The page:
Debunking Nine Winter Tire Myths

We debunk nine winter tire myths before the snow flies

Just because you have all-wheel-drive, doesn’t mean you don’t need winter tires


winter tires

Whether the season means you can’t wait to hit the slopes, or your favourite snowy-weather sport is reading by the fire, winter is coming to Canada. That means it’s time for winter tires, and also the return of some of the myths about why they’re not necessary. If you use any of these for excuses, it’s time to think again.

“There’s hardly any snow anymore.”

They’re winter tires, not just snow tires, and they do more than just give you traction on the white stuff. They’re engineered for wetter weather, with tread that’s designed to channel water and slush out from under them, which helps avoid hydroplaning — a dangerous situation where your tire’s tread fills with water and “floats” on top of the puddles, and you lose control.

Rubber naturally hardens in cold weather, which reduces its grip. Winter tires are made of a specific rubber compound that keeps them supple at lower temperatures. Tire grip is important not just for acceleration, but also for lane changes and braking. The general rule is that when the temperature drops below 7°C, winter tires grip better than all-season tires.

“I have all-season tires, and winter is a season.”

“All-season” tires are a compromise. Summer tires get too hard in the cold, while winter tires become too soft in the heat. The compound in all-season tires ranges between those two, which means they can’t provide that superior grip that winter tires give you at colder temperatures.

Some tire companies offer “all-weather” tires. These have the mountain-and-snowflake logo that indicates a winter tire, and they have a more aggressive tread than all-season, but are intended for year-round use. They’ll get you through, but you’ll probably find dedicated winter tires still do a better job.

“I only need two winter tires on the wheels that need traction.”

Nothing could be further from the truth! If one set of tires has more grip, that means the other has less when you’re turning or braking — and that can cause it to skid or slide. You need the same type of tire at every corner of your car.

“I can’t use winter tires because I have nowhere to store the extra set.”

Many tire retailers will now store your second set of tires, either at a small extra charge or maybe even rolled into a package deal when you buy. Ask about storage when you’re shopping for winter tires.

“Winter tires are too noisy when driving.”

That used to be the case, and may still be with some super-aggressive winter tires for hardcore pickup truck fans. But tires are always being improved, and that includes optimizing the tread and construction. Most now provide the driving benefits but with far less noise than most winter tires made in the past.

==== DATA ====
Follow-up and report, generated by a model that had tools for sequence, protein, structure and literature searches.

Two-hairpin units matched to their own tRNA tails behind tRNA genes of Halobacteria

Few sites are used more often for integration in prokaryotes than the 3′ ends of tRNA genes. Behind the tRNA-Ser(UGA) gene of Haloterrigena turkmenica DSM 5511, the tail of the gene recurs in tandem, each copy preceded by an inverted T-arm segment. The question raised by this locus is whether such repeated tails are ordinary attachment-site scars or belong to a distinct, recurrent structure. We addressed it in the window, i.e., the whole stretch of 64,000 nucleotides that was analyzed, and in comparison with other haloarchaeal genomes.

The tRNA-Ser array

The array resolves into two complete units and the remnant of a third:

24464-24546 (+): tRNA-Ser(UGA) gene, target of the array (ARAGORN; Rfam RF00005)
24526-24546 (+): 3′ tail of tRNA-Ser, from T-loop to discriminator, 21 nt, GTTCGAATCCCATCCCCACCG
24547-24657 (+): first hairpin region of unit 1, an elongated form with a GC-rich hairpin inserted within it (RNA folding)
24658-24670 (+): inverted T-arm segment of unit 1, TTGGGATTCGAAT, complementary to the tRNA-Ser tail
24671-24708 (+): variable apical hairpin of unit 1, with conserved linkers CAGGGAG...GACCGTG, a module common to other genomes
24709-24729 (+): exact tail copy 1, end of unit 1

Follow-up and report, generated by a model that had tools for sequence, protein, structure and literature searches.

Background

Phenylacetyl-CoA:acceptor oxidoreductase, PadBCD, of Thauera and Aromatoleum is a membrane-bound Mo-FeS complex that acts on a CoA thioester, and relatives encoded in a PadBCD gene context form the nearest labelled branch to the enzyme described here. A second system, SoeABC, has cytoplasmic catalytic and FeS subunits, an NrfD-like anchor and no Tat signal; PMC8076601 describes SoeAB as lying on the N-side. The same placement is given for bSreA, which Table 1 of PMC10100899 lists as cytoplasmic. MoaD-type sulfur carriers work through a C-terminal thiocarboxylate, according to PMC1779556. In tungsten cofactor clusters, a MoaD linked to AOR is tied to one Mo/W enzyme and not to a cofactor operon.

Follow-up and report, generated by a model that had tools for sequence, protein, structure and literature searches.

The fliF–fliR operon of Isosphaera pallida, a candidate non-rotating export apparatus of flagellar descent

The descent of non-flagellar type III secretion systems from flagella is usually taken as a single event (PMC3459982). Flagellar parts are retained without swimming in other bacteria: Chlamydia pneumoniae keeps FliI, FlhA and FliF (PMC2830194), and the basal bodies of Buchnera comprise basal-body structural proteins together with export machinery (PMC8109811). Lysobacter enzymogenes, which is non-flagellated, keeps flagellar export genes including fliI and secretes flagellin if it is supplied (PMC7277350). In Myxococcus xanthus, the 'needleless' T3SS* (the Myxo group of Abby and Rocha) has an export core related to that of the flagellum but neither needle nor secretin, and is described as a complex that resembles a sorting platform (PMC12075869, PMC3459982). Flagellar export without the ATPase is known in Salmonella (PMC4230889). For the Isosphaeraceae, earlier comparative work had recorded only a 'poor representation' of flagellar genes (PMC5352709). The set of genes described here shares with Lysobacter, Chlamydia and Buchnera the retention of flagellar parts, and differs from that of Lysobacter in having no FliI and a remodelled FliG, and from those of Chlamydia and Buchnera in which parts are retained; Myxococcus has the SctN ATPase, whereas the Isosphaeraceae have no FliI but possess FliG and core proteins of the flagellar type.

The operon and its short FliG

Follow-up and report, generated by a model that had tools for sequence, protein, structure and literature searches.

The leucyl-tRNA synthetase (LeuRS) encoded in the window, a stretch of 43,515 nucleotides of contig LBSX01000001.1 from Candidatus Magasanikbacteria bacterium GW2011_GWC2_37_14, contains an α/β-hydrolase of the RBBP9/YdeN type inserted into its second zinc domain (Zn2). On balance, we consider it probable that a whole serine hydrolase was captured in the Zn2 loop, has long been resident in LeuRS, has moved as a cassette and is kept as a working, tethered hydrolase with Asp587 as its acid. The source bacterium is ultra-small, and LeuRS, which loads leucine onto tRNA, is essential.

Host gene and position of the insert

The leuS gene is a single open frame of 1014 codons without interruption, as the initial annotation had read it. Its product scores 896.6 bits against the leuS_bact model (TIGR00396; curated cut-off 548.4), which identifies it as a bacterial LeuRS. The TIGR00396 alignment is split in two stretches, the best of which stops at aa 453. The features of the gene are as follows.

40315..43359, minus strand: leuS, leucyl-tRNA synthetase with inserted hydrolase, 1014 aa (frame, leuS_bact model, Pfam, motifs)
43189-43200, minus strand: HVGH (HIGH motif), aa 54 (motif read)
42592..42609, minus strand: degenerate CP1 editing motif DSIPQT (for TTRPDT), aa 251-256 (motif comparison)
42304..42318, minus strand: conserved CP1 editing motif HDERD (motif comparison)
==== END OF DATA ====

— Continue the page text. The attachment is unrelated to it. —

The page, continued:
“I have all-wheel drive, so I don’t need winter tires…”

All-wheel drive can send power to all four wheels, not just two of them — but that doesn’t mean anything if the tires on those wheels aren’t gripping the pavement. And all-wheel drive won’t stop you any faster than two-wheel drive. You need the grippiest tires possible for the best braking possible.

“…and I have all the high-tech safety features.”

Anti-lock brakes and electronic stability control help to prevent collisions by helping to keep your vehicle from sliding. But we’re back to the essential role of the tires: No matter what your safety features are doing, they still require your tires to grip the asphalt. Quite simply, your safety features will work better — and keep you safer — if you have winter tires on your wheels.

“Winter tires are just too expensive.”

You will be buying an extra set, of course, but as with other types of tires, the winter variety comes in a range of prices. If you use winter tires, you may be eligible for an insurance discount — ask your agent if you qualify. In Manitoba, drivers can apply for a low-interest loan through their provincial insurance to buy winter tires. And in Quebec and specific areas of British Columbia, the law requires drivers to use them.

“I can just drive slower in bad weather.”

It’s always a good plan to slow down when the roads are bad, but it’s not a substitute for using winter tires, especially because you’re not just the only driver out there. If you need to brake or steer to avoid a collision, tires make the difference. Remember, they’re the single most important safety feature on your vehicle, because they’re the only thing in contact with the road. Everything else, from seatbelts to airbags to stability control, is there to help get you out of trouble when your tires lose their grip.